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IN ADULATORES.

Flatterers

De Chameleonte vide Plinium naturalis Historia
libro VIII. Cap. XXXIII.

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Semper hiat, semper tenuem qua vescitur aura [=auram] ,
Reciprocat chamaeleon[1].
Et mutat faciem, varios sumitque colores,
Praeter rubrum vel candidum.[2]
Sic & adulator populari vescitur aura,[3]
Hiansque cuncta devorat.
Et solum mores imitatur principis atros.
Albi & pudici nescius.

The Chameleon is always breathing in and out with open mouth the bodiless air on which it feeds; it changes its appearance and takes on various colours, except for red and white. - Even so the flatterer feeds on the wind of popular approval and gulps down all with open mouth. He imitates only the black features of the prince, knowing nothing of the white and pure.

Notes:

1. This creature was supposed to feed only on air, keeping its mouth wide open to suck it in. See Pliny, Natural History 8.51.122. For the chameleon cf. Erasmus, Parabolae pp.144, 241, 252.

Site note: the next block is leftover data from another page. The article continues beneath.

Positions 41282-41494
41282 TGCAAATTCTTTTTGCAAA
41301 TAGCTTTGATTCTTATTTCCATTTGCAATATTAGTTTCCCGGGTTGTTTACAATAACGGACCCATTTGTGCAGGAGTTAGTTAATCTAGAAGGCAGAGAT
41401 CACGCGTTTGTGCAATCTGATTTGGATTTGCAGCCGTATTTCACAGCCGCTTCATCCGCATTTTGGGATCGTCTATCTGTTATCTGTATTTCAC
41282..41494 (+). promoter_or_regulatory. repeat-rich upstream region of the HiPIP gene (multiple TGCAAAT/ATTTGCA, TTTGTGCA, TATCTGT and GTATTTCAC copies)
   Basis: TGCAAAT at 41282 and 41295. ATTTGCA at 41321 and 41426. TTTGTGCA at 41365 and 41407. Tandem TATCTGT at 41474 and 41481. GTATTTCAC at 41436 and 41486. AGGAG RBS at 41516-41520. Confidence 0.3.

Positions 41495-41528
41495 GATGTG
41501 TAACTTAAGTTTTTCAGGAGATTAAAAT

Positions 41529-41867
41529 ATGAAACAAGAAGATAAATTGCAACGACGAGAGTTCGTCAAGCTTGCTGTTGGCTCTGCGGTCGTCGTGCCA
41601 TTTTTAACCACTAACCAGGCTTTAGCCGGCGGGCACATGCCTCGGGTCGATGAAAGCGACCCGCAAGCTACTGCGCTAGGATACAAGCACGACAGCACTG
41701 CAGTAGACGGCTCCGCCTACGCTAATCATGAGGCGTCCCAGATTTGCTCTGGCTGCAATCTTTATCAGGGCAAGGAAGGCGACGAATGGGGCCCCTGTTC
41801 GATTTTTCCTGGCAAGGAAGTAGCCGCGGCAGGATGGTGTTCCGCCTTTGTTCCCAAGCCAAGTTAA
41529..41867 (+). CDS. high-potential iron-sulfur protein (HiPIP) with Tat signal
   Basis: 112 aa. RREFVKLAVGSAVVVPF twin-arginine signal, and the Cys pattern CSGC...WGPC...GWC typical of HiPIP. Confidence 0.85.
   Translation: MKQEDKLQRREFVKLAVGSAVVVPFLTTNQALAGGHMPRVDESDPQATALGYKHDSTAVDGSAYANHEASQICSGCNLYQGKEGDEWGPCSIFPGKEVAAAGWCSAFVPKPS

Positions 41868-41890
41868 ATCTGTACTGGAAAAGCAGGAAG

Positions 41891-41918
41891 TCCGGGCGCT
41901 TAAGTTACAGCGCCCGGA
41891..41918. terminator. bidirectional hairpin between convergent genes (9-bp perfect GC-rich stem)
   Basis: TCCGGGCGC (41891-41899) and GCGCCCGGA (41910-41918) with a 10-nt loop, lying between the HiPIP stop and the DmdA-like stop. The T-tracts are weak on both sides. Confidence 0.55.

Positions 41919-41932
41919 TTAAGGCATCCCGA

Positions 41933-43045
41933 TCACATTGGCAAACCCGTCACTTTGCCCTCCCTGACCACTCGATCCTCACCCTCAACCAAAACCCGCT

2. ‘except for red and white’. See Pliny, ib.

3. ‘the wind of popular approval’. This is a common metaphor in Latin, e.g. Horace, Odes 3.2.20, ‘at the behest of the wind of popular approval.’


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    Section: PERFIDIA (Treachery). View all emblems in this section.

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    In fraudulentos.

    Deceivers

    Parva lacerta, atris stellatus corpora guttis
    Stellio,[1] qui latebras, & cava busta colit,
    Invidiae, pravique doli fert symbola pictus.
    Heu nimium nuribus cognita zelotypis.
    Nam turpi obtegitur faciem lentigine quisquis,
    Sit quibus immersus Stellio, vina bibat.[2]
    Hinc vindicta frequens decepta pellice vino,
    Quam formae amisso flore relinquit amans.

    The little lizard, called the ‘starred’ gecko from the dark star-shaped marks sprinkled all over its body, a creature that lurks in holes and hollow tombs, is pictured here and presents symbols of resentment and wicked deception, known only too well to jealous wives. For anyone who drinks wine in which a spotted gecko has been soaked comes out in ugly spots all over the face. This is often a way of taking revenge - the husband’s fancy woman is tricked with wine, and, when the flower of her beauty is gone, her lover abandons her.

    Notes:

    1. stellio, ‘the ‘starred’ gecko’. See Ovid, Metamorphoses, 5.461 for the explanation of the name stellio.

    2. Nam turpi...vina bibat, ‘anyone who drinks wine...all over the face’. See Pliny, Natural History, 29.22.73.


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